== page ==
In yesterday’s meeting we discussed the seventh chapter of Ensslin’s book, and there was a lot of good discussion regarding interactive fiction, the nature of “hints” or other purely mechanical visual or written aids to help a player through a game, and whether they help or hinder a player’s experience (in short: it varies). We also talked about the way we interact with games, dialogue, and the written element in any game. Dave noticed that we were generally zipping through dialogue while playing The Dream Machine, and we discussed why we thought that might be as well. We either let a written dialogue moment linger, or, if we parse it and identify that it has no future use or relevance to the game’s puzzles, we are generally quick to discard it. A contributing factor could also be the fact that the game has no (so far, anyway) consequential choices. It is a linear story, but with a varying level of interactivity to the world. Your level of engagement in dialogue trees depend on your investment in the story.
Next week is midsem break, so we will be meeting again in two weeks time. The reading for then is Ensslin’s Chapter 8.
We are now on Chapter 5 of 6 of The Dream Machine – we have almost finished. Soon we will be moving onto another game, but not before breaking down The Dream Machine a bit when we have finished it, and attempting to pick apart basically everything interesting the game had to offer.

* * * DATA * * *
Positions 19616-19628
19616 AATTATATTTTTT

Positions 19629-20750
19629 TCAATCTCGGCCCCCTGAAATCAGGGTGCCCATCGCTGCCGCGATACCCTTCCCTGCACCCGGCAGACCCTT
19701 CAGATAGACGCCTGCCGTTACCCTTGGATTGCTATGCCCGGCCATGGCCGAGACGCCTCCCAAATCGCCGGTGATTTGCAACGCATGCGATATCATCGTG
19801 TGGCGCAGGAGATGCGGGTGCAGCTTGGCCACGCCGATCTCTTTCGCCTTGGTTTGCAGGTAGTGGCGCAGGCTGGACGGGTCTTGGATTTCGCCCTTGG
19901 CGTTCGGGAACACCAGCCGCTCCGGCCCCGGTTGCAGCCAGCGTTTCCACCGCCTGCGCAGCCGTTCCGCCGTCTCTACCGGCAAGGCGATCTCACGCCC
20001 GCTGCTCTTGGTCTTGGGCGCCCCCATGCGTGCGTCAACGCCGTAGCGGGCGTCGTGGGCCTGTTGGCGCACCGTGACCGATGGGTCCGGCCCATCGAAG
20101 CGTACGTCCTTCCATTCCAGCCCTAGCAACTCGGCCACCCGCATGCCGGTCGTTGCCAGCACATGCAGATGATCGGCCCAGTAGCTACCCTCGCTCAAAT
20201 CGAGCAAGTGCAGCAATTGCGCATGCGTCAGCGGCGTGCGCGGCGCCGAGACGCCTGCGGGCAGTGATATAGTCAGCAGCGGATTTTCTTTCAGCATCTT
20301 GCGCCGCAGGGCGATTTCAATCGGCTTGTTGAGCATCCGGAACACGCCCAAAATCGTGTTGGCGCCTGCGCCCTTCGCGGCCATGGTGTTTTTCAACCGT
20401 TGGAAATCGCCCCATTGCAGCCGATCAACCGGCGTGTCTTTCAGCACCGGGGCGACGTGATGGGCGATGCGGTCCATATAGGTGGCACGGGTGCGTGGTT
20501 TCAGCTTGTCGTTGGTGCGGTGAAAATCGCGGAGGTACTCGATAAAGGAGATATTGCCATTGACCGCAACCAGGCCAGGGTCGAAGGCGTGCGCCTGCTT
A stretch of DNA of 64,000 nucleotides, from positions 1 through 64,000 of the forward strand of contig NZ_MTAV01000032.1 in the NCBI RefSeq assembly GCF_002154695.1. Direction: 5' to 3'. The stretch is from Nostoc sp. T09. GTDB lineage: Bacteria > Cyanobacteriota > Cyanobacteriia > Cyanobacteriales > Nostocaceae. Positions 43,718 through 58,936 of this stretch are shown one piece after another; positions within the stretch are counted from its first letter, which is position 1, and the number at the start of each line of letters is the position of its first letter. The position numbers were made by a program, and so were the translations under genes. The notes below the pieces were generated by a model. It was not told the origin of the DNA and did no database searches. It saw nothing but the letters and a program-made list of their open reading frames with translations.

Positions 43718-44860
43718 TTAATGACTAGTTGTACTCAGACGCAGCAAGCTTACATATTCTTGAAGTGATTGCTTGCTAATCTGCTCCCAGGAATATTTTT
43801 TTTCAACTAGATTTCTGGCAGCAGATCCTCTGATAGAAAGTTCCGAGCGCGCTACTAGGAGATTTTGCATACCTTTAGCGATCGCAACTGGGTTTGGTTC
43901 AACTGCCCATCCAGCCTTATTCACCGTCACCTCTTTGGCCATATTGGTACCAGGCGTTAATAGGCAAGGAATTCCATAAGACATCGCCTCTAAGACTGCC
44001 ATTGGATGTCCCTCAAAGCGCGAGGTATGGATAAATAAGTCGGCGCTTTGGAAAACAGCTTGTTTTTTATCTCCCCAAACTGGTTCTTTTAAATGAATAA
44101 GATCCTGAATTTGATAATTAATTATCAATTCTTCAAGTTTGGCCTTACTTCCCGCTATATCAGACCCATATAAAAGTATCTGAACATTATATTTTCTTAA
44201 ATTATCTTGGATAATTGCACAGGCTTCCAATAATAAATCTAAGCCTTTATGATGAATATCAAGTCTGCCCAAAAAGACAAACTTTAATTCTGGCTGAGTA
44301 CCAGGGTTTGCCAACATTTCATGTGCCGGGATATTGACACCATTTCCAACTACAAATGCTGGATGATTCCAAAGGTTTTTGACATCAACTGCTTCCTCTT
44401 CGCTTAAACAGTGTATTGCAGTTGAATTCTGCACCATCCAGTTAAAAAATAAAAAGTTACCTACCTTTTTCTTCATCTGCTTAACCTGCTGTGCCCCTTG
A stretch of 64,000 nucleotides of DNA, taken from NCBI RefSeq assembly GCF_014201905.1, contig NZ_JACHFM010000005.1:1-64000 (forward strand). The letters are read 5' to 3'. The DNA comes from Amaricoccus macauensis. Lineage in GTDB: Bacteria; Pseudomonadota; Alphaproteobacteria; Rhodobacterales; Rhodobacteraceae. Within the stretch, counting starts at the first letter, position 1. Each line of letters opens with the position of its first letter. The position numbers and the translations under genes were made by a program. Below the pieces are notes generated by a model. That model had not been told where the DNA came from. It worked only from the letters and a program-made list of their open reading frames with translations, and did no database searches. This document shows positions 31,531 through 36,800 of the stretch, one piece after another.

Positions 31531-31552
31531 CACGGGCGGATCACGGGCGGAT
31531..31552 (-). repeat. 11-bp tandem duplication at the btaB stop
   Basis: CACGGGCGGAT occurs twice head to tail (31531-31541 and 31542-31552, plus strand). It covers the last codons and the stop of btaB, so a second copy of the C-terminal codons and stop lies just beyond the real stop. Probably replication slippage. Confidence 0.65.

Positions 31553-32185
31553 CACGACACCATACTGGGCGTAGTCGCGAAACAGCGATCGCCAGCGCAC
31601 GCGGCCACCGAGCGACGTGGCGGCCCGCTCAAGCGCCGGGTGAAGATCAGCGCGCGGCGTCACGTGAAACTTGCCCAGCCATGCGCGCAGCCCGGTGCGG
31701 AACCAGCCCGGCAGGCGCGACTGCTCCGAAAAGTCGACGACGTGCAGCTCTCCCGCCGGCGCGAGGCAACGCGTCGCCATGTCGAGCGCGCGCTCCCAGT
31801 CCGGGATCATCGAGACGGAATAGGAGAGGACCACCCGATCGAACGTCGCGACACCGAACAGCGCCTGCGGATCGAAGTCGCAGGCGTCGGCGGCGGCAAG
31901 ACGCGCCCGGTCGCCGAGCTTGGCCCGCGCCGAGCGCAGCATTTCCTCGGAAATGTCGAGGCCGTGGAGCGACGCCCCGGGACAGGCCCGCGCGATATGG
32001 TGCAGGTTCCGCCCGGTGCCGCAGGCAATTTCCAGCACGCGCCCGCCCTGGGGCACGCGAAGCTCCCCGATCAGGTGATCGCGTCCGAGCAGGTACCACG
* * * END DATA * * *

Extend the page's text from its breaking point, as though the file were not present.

This week we went over Chapter 6 of Ensslin’s Literary Gaming. We talked a lot about the antiludicity of games – that is, the way we can challenge how games get us to play them, and how, with that knowledge, we can subvert games as objects to be played. This involved a bit of discussion around pushing the boundaries in games, how we can play them as the developers did not intend them to be played – or if you wanted to push further, you could mod or cheat the game. As we push the boundaries, we find out whether the developers put in safety nets or difficulty barriers to stop people from breaking the game. As we discovered, quite often you can find a way to outsmart games – in this instance, we discussed Pathologicand Skyrim – simply by playing them in an unexpected way – though sometimes the game becomes traditionally unplayable as a result.